Richard Mouw on Rob Bell's New Book

The following is the President of Fuller Seminary’s  blog post today on Rob Bell.   See what you think.

The Orthodoxy of Rob Bell

I told the USA TODAY reporter that Rob Bell’s newly released Love Wins is a fine book and that I basically agree with his theology. I knew that the book was being widely criticized for having crossed the theological bridge from evangelical orthodoxy into universalism. Not true, I told the reporter. Rob Bell is calling us away from a stingy orthodoxy to a generous orthodoxy.

Let me say it clearly: I am not a universalist. I believe hell as a condition in the afterlife is real, and that it will be occupied. I think Rob believes that too. But he is a creative communicator who likes to prod, and even tease us a bit theologically. Suppose, he likes to say, we go up to someone and tell them that God loves them and sent Jesus to die for their sins. Accept Jesus right now, we say, because if ten minutes from now you die without accepting this offer God will punish you forever in the fires of hell. What kind of God are we presenting to the person? Suppose we told someone that their human father has a wonderful gift for them, offered out of love for them—and then we add that, by the way, if they reject the gift that same father will torment them as long as they live. What would we think of such a father? Good question, I think.

If I were given the assignment of writing a careful theological essay on “The Eschatology of Rob Bell,” I would begin by laying out the basics of C. S. Lewis’s perspective on heaven and hell. Lewis held that we are created for a relationship with God as human beings who bear the divine image. When we rebel against God and commit ourselves to evil ways, we move further away from this positive relationship with God—and, thereby, further and further away from our humanity. Our ultimate destiny, then, if we do not change directions, is to cease to be human: we end up as monsters who have chosen to live in an outer darkness, removed from God and from other humans.

So, here is Rob Bell: people who refuse a “vital connection with the living God” are given over to a “kind of life [that] is less and less connected with God” (Love Wins, 66). And this is no mere theoretical state of affairs, “because it is absolutely vital that we acknowledge that love, grace and humanity can be rejected”(my italics)—and if so, “God gives us what we want, and if that’s hell, we can have it” (72).

And I certainly do believe that some folks choose that hell. The Hitler types. The man who kidnaps young girls and sells them into sexual slavery. They are well on their way to hell, to becoming inhuman monsters. To be sure, as the hymn rightly reminds us: “The vilest offender who truly believes/ that moment from Jesus a pardon receives.” But for those who persist in their wicked ways, eternal separation is the natural outcome of all the choices they have made along the way.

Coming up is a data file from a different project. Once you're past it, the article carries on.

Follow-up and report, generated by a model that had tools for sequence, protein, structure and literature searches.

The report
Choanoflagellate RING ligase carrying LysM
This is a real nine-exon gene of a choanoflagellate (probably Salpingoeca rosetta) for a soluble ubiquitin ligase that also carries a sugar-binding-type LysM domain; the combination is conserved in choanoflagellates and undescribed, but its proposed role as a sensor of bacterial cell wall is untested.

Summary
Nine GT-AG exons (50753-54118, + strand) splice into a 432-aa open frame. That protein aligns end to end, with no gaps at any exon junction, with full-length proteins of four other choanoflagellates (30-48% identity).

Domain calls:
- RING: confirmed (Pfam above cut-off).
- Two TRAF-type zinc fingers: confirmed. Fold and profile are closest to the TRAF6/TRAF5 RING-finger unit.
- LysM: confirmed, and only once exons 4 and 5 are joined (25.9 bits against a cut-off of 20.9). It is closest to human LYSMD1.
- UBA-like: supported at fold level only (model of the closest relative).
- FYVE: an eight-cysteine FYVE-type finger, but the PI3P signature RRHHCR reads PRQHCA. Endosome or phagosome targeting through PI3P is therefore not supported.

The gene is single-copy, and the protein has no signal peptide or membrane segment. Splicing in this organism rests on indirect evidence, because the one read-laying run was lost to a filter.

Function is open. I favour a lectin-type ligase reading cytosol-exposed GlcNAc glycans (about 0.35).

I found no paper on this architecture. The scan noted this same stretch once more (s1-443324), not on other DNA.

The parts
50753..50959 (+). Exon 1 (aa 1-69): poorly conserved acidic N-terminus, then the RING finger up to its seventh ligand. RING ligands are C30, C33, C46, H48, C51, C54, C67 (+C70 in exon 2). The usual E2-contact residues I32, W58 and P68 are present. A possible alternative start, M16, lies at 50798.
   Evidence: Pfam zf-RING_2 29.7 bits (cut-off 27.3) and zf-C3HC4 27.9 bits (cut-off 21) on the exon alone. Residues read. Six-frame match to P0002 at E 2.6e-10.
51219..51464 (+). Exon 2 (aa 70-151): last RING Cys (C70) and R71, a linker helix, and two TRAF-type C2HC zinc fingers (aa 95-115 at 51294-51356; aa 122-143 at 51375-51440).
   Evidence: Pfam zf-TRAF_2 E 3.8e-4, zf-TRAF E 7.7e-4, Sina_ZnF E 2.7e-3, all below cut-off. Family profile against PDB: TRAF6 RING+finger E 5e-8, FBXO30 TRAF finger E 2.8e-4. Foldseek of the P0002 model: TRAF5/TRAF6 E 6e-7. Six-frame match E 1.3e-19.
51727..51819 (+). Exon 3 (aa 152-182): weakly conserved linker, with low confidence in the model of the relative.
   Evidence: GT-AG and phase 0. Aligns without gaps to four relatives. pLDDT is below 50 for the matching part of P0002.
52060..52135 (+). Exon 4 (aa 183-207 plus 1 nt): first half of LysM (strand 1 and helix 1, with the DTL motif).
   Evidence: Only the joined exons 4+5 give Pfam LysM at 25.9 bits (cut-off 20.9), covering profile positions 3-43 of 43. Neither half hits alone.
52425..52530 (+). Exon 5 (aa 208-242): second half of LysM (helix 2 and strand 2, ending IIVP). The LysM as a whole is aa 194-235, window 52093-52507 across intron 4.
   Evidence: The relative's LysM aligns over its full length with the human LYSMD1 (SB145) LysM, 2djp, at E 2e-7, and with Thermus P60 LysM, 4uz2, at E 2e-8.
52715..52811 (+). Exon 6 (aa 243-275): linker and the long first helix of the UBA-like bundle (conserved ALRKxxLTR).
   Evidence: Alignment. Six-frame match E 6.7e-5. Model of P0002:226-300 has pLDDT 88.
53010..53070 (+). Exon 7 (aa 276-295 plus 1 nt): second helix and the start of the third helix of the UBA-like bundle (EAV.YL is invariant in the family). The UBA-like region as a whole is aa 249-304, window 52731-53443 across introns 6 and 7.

In a book I wrote several years ago defending the basics of a Calvinist perspective, I told about an elderly rabbi friend who struck me as a very godly person. He would often write to tell me that he was praying for me and my family. When he died, I said, I held out the hope that when he saw Jesus he would acknowledge that it was Him all along, and that Jesus would welcome him into the heavenly realm.

Some folks zeroed in on that one story to condemn me as a heretic. I find their attitude puzzling. Maybe they think that folks like Rob Bell and me go too far in the direction of leniency, but what about folks who go in the other direction? I just received an angry email from someone who pulled a comment out of something I wrote a few years ago in Christianity Today. A prominent evangelical had criticized those of us who have been in a sustained dialogue with Catholics for giving the impression that a person can be saved without having the right theology about justification by faith. My response to that: of course a person can be saved without having the right theology of justification by faith. A straightforward question: Did Mother Theresa go to hell? My guess is that she was a little confused about justification by faith alone. If you think that means she went to hell, I have only one response: shame on you.